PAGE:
David ruled over the whole of Syria at the height of his kingdom, as far as the river Euphrates. Hamath was ruled as an ally, a more voluntary subjection.

King Solomon

Solomon's trade with Syria is recorded (1 Kg 10:29). In 975 BC, Solomon took Hamath-Zobah and built store cities in Hamath (2 Chr 8:3). Perhaps there had been an uprising in this area.

Independence regained (1 Kg 11:14).
Solomon's three adversaries, were raised up by the Lord because of his marrying foreign wives and resulting idolatry:
1) Hadad of Edom
2) Rezon king of Damascus
3) Jeroboam (later king of north)

Rezon (1 Kg 11:23) had fled from Hadadezer of Zobah and gathered men around him to form a marauding band after Hadadezer's defeat by David (2 Sam 8) and later had become king of Damascus. He was a bandit until 955 BC, and king 955-925 BC. On and off for the next 150 years, Syria was fighting with Israel, the northern kingdom, until Damascus was conquered by the Assyrians in 732 BC.

Hadad is the name of a Syrian deity, the thunderer, the storm god or Baal. Hadad is also known as Hadar and had an Edomite name, also used in Syria. A temple to Hadad has been found in Aleppo (North Syria). Some of the names of the kings incorporate the name of this god:
Hadadezer or Hadarezer
Benhadad ( = son of Hadad)
Hadad-rimmon

Divided kingdom

There was continuous war between the north and the south from the division of the kingdom in 931 BC until the marriage alliance between Jehosaphat (Judah) and Ahab (Israel), when Jehoram (the son of Jehosaphat) and Athaliah (the daughter of Ahab and Jezebel) were married around 860 BC (2 Chr 18:1).

Around 900 BC, there was war between Asa of Judah and Baasha of Israel (1 Kg 15:16). Baasha attacked Judah and built Ramah on the boundary between the 2 kingdoms on the main route. Asa took gold from the temple and sent it to Benhadad I as a present to persuade him to break his treaty with Israel and to help Judah. Benhadad sent armies against Israel and conquered Dan and Naphtali (Also 2 Chr 16).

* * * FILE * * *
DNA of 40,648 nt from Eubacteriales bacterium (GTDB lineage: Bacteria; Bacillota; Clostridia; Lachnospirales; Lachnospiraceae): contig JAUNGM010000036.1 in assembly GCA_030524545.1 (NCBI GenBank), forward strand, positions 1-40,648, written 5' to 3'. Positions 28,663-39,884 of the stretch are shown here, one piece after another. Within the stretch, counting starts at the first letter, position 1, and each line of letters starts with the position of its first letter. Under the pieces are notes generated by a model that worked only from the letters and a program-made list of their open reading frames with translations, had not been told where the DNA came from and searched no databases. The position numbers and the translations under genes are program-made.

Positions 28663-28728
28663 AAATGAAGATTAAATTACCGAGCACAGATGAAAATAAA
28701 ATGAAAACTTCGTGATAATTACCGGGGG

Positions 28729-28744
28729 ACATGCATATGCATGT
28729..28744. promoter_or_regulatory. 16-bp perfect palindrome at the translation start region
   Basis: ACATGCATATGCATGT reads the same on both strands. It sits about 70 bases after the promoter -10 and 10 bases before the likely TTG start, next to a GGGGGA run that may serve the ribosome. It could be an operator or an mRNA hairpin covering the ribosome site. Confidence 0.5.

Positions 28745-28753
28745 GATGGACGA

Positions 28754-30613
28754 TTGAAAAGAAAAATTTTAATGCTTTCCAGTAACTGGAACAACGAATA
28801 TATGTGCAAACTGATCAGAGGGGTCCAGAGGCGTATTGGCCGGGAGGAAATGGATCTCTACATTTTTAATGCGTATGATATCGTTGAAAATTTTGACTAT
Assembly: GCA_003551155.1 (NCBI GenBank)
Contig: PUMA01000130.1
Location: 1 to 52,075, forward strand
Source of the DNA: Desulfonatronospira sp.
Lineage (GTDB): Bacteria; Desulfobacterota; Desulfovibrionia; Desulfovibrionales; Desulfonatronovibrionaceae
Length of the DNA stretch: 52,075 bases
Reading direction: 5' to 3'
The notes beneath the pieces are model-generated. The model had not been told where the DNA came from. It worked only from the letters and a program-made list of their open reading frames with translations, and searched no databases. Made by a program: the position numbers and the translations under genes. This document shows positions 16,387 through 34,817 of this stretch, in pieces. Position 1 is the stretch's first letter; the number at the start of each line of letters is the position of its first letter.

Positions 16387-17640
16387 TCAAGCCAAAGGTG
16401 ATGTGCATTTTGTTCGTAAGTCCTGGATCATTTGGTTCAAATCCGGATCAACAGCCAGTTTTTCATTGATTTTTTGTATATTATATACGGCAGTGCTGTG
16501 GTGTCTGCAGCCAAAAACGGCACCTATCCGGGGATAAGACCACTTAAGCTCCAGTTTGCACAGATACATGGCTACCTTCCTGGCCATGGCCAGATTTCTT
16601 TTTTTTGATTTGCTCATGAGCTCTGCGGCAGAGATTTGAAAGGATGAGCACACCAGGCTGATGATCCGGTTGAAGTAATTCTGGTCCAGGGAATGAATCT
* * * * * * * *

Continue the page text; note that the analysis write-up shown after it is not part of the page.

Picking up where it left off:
Elijah is told to anoint the following people (1 Kg 19:15):
Hazael as king of Syria (replace Benhadad I)
Jehu as king of Israel (replace Jehoram)
Elisha as prophet (replace Elijah)

In the 860's BC, there was war between Israel and Syria (1 Kg 20), Ahab against Benhadad II.

First campaign (v1) Benhadad II, with 32 kings besieged Samaria
Victory prophesied to Ahab (v13)
Victory was achieved by Ahab (v16), when Benhadad was drunk his army fled.

Second campaign prophesied (v22)
Benhadad attacked Israel at Aphek and Syrians filled the country. Syrians were defeated in battle and fled to Aphek where a wall fell on them and 27,000 were killed. Ahab made a covenant in which Benhadad agreed to return the captured slaves. God passed judgement on Ahab for sparing Benhadad (v35)

Third campaign after 3 years peace (1 Kg 22)
Ahab of Israel and Jehosaphat of Judah formed an alliance (2 Chr 18) and fought together against Syria, who had occupied Ramoth-Gilead. Ahab disguised himself while Jehosaphat was in robes. The Syrian armies were only after the king of Israel, so fought against Jehosaphat. Ahab was shot with an arrow, wounded and later died.

Naaman, 880-840 BC, the commander of the Syrian army was a leper (2 Kg 5). He had victory over Israel and took a maid as a servant, who knew of Elisha. Naaman sent a letter to Jehoram (king of Israel) asking him to cure him of leprosy, Jehoram tore his clothes in horror. Elisha told Naaman to wash seven times in the Jordan, which he rather unwillingly did.

The Syrians blinded (2 Kg 6:8), 860 BC. Elisha warned Jehoram (king of Israel) that the Syrians were coming and told him the site of their camp. Benhadad II was troubled, tried to seize Elisha (the prophet who told the king of Israel the words spoken in the bedchamber of the king - v12). Elisha prayed that the Syrians would be blinded and the eyes of his servant opened. He led the blinded Syrians into Samaria, then opened their eyes and then sent them away.

Benhadad besieged Samaria (2 Kg 6:24) causing great famine, with people eating their children.